'Win It All': Film Review | SXSW 2017

Not your average in-too-deep lowlife tale.

Jake Johnson struggles to resist temptation in Joe Swanberg's Chicago-set gambling picture.

The most convincing of the three features Joe Swanberg has made with star and co-writer Jake Johnson (each of which has represented a highlight in his filmography), Win It All should come with what is now called a trigger warning: Gambling addicts may respond poorly to this tale of a poker player who gets in over his head, decides to reform, and thereafter struggles to resist an opportunity he'd be an idiot to exploit. Where their previous collaborations have been star-heavy affairs seemingly designed to expand the indie auteur's audience, this outing relaxes, using a choice couple of familiar faces extremely well and focusing on getting its sense of place right. The result will play well on Netflix to fans of the director and star; SXSWers are lucky to see the celluloid-shot effort on the big screen.

Johnson stars as Eddie, an on-the-margins character who works just as much as necessary to fund all-night sessions in illicit poker dens. He's in the hole when a jail-bound acquaintance offers him a job: Take this bag, don't look inside, and keep it safe until I'm home in six to nine months; I'll give you ten grand for the favor when it's done.

Once alone with the duffel, Eddie lasts about as long as you'd expect trying not to open it up. There's an enormous amount of cash inside, and Eddie puts up enough semblance of a fight that he sets a meeting with his Gamblers Anonymous sponsor — Keegan-Michael Key, a reliable source of "don't ask me to buy your self-delusion" comic relief — to ask for advice. There would be no movie if Eddie heeded that wisdom, though, so soon we see the bag come out of the closet and the text "-$500" flash onscreen.

We know that silent counter will soon show more frightening in-the-red sums. But before it does, Eddie enjoys some luck. While celebrating a good night in his favorite dive, he meets Eva (Mexican actress Aislinn Derbez, who appeared in Swanberg's series Easy); the two walk and talk all night, bolstering Eddie's sense that he has turned his life around. The next day he puts on his high-roller suit, heads to the racetrack, and rides that self-confidence into the dirt.

It's here, with Eddie owing over $21,000 to the bag and its felonious owner, that Win It All diverts from the expected genre path. Shaken and genuinely remorseful, Eddie finally takes his big brother (a very sympathetic Joe Lo Truglio) up on his offer to join the family landscaping business. He sets his alarms, wakes early and slaves away without complaint. He woos Eva, respecting her desire to take things slowly. He seems likely to remake himself into a real salt-of-the-earth lucky guy, paying off his debt in tiny installments before his friend gets out of jail and learns he has been robbed.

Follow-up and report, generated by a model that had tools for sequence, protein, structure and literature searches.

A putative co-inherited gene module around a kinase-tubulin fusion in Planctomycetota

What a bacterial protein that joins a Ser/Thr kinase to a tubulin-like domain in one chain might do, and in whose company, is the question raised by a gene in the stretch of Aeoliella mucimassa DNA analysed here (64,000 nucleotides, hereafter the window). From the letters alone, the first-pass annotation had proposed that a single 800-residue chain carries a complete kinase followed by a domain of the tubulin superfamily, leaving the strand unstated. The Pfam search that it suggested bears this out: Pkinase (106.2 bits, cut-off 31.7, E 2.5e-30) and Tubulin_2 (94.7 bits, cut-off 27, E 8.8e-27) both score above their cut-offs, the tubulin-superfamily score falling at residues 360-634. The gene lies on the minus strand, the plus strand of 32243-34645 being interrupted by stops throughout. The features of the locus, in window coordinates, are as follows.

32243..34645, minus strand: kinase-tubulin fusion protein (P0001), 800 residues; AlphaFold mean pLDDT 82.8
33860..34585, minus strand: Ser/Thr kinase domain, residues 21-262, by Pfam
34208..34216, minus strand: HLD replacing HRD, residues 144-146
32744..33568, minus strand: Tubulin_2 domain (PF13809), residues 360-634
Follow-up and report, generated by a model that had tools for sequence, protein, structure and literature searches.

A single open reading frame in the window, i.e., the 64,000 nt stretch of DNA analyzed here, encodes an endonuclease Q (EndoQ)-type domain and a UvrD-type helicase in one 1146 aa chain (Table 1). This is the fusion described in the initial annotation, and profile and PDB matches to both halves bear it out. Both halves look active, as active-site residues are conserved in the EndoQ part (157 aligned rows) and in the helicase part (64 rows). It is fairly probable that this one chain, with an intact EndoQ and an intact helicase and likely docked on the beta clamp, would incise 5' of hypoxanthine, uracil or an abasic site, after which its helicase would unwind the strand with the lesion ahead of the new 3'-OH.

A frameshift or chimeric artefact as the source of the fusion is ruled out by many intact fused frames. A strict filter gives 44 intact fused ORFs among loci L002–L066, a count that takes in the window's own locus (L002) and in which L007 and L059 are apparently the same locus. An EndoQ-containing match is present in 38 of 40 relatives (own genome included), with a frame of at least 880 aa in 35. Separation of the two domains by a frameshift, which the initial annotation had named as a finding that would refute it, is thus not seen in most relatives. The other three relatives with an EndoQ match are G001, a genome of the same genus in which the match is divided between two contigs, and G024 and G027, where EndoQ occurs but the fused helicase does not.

Armchair screenwriters will see where this is going. But fewer will anticipate exactly where the impending complications swing the plotline, which is why discussing the problems therein should be left for post-viewing conversations. Suffice it to say that what satisfies on one level raises questions on others, and that certain plot points mightn't play as well without someone as charismatic as Johnson putting them across. Win It All becomes a gambling picture that subverts the usual morality-play stuff, or simply decides it knows better, and therefore will win no awards from addictive-personality support groups. But for once, it's a life-on-the-fringes flick in which the goal of going straight — often a red herring in these films — looks genuinely appealing.

 

Production company: Garrett Doubles Down

Distributor: Netflix

Cast: Jake Johnson, Aislinn Derbez, Joe Lo Truglio, Keegan-Michael Key

Director-editor: Joe Swanberg

Screenwriters: Jake Johnson, Joe Swanberg

Producers: Jake Johnson, Joe Swanberg, Alex Orr

Executive producers: Peter Gilbert, Eddie Linker

Director of photography: Eon Mora

Production designer: Aimee Holmberg

Composer: Dan Romer

Venue: South by Southwest Film Festival (Narrative Spotlight)

 

87 minutes

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